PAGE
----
For any of my readers who haven’t picked up my House of Pleasure books, I thought I’d spotlight them this week, one each day. Today I’m continuing with the fifth and final book of the series, Only Pleasure Will Do.
The pleasure is all hers…
Amorina Vestry, madam of the House of Pleasure for six long years, has wrested a living out the establishment by devising a variety of ways to give men pleasure. But behind the persona of the ruthless businesswoman, schooled in the erotic arts, lurks another woman with a secret she dares tell no one. Now, in vengeance for thwarting a dastardly plan, Amorina is kidnapped and forced to commit murder to save the one person she loves unconditionally…unless the man she secretly yearns for can rescue her before it’s too late.
When Amorina Vestry goes missing, Sir Reginald Matthews, former Runner now magistrate at Bow Street, agrees to search for the very provocative woman he met a year ago and cannot seem to forget. He manages to track her down, only to be captured by the same madman who took her. Their close proximity in a make-shift prison leads inexorably to a night of passion in which Amorina lowers her guard to reveal a shocking truth. Spurred by his growing attraction to her, Reginald is determined to free them before she commits the most heinous crime imaginable.
As Reginald races to save Amorina, he comes to fear another foe as well. He may very well save his love only to find he must give her up or risk the censure of a society that will condemn her.
So now, with an intruder in the basement, she was defenseless, though not helpless.
Easing to the doorway, she stopped, took a deep breath, and poked her head around the door jamb. More movement at the top of the stairs.
The angle of the small windows let in less moonlight here than the other room, but her eyes had adjusted to the minimal light. A man’s figure, clad in a light gray cloak, had just set foot on the first step. The wooden riser creaked softly, and the man drew back.
Cautious. Unfamiliar with the room? Or unwilling to give her notice he was here?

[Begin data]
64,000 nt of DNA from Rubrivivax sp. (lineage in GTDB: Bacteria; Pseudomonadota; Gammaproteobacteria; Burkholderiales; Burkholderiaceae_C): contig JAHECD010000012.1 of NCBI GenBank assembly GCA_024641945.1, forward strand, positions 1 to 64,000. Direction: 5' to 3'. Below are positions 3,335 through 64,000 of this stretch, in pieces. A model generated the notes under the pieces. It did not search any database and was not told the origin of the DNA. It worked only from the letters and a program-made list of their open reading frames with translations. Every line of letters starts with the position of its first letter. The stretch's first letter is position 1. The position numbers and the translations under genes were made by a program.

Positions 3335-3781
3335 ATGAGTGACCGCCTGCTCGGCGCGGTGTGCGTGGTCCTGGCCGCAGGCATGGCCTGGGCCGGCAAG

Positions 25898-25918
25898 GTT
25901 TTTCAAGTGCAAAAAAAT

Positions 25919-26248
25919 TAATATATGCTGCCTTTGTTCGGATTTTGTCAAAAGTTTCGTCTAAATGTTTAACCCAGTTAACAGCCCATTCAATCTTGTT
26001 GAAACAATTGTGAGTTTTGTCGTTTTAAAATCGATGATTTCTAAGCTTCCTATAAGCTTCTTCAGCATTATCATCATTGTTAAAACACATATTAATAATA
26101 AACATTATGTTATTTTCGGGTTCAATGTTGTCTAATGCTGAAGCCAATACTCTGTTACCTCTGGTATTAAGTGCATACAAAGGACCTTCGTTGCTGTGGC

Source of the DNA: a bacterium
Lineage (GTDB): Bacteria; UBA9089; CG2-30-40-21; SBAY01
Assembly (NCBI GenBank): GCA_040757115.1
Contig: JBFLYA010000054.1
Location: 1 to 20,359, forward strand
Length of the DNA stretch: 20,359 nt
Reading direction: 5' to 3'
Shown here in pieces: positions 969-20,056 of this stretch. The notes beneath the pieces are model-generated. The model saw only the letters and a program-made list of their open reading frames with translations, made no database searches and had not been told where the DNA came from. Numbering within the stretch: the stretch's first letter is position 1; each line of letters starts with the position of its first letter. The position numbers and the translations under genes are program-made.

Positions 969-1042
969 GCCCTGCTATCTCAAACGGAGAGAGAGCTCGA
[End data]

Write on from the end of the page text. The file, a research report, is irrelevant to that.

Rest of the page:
Again, the figure moved forward, treading lighter than before for the board remained silent.
Amorina slipped into the room, her back to the wall near the fireplace. Pity the thin streak of moonlight streaming through the window didn’t fall across the staircase. She would’ve paid dearly to see the face of the man who’d done this to her; however, she would exact her vengeance nonetheless.
The man had descended another two of the twelve steps. He’d not heard her yet. Surprise was still on her side, if she could just wait a little longer.
Five steps remaining.
The dimly moving figure took his time with each riser. His eyes must’ve adjusted to the gloom by now. Did he think her a gray patch on the wall, perhaps? Over the past week, her snowy linen chemise, which she was currently using as a night gown, had grown dingy. She remained rooted to the spot she’d taken once she’d slipped into the room, scarcely daring to breathe.
Three more steps and he’d reach the ground.
She held her breath and prayed.
The man set his feet on the dirt floor and paused, cocked his head.
Willing him to move toward the back of the stairs, Amorina gathered every scrap of courage she possessed.
Shaking his head, the man turned back toward the staircase.
Amorina launched herself at the table, grabbed the ancient chair, swung it up over her head, and crashed it onto the man’s head.
At the last moment he must’ve heard her, for he threw up an arm in defense, but too late. The edge of the chair crashed into the back of his head with a sickening crack before disintegrating in a shower of wooden bits. She’d apparently underestimated efficacy of the old chair as a weapon, for the man dropped neatly at her feet.
Sobbing as relief poured through her, Amorina stood over him, part of a chair leg—the only piece of the weapon still intact—raised once more. But the figure sprawled on the ground didn’t move, and her frenzied breathing calmed. Tossing the mangled stick onto the body, she then leaped over it and nimbly flew up the stairs to the door. Slow and silent, she grasped the handle and pulled.
It didn’t budge.
She tried to rattle the door, but it refused to move at all, as though someone had nailed it shut. Leaning her head against the stubborn wood, she swallowed tears. She was still a prisoner, although no longer alone. Heart racing, she turned to peer over the rail at the still figure below. Who was he? Why was he here? And what did he have to do with her?
Keeping a cautious eye on the man, she crept down the steps. A patch of moonlight fell on the floor not far from where he lay. She could at least satisfy her curiosity about one thing. Grasping him under his armpits, Amorina lifted him and rocked back on her heels, an effective way for a woman to move dead-drunk patrons if the need arose. This man was solidly built, to be sure, but she’d moved heavier bodies.
Four steps and the back of his head popped into the light. She laid him down then tossed the bit of chair leg on the floor. Her hand met the good quality of the pale gray cloak, the material smooth and rich beneath her fingers. A man of some means, then. Likely a former customer, though his form rang no bell of recognition. No need to speculate. She bent and hooked her hands beneath one shoulder and heaved him over. He fell out of the light.
She tugged him back then gasped and dropped his shoulder as though her fingers had been singed. “Reginald Matthews!”
Has Amorina killed her captor or her savior?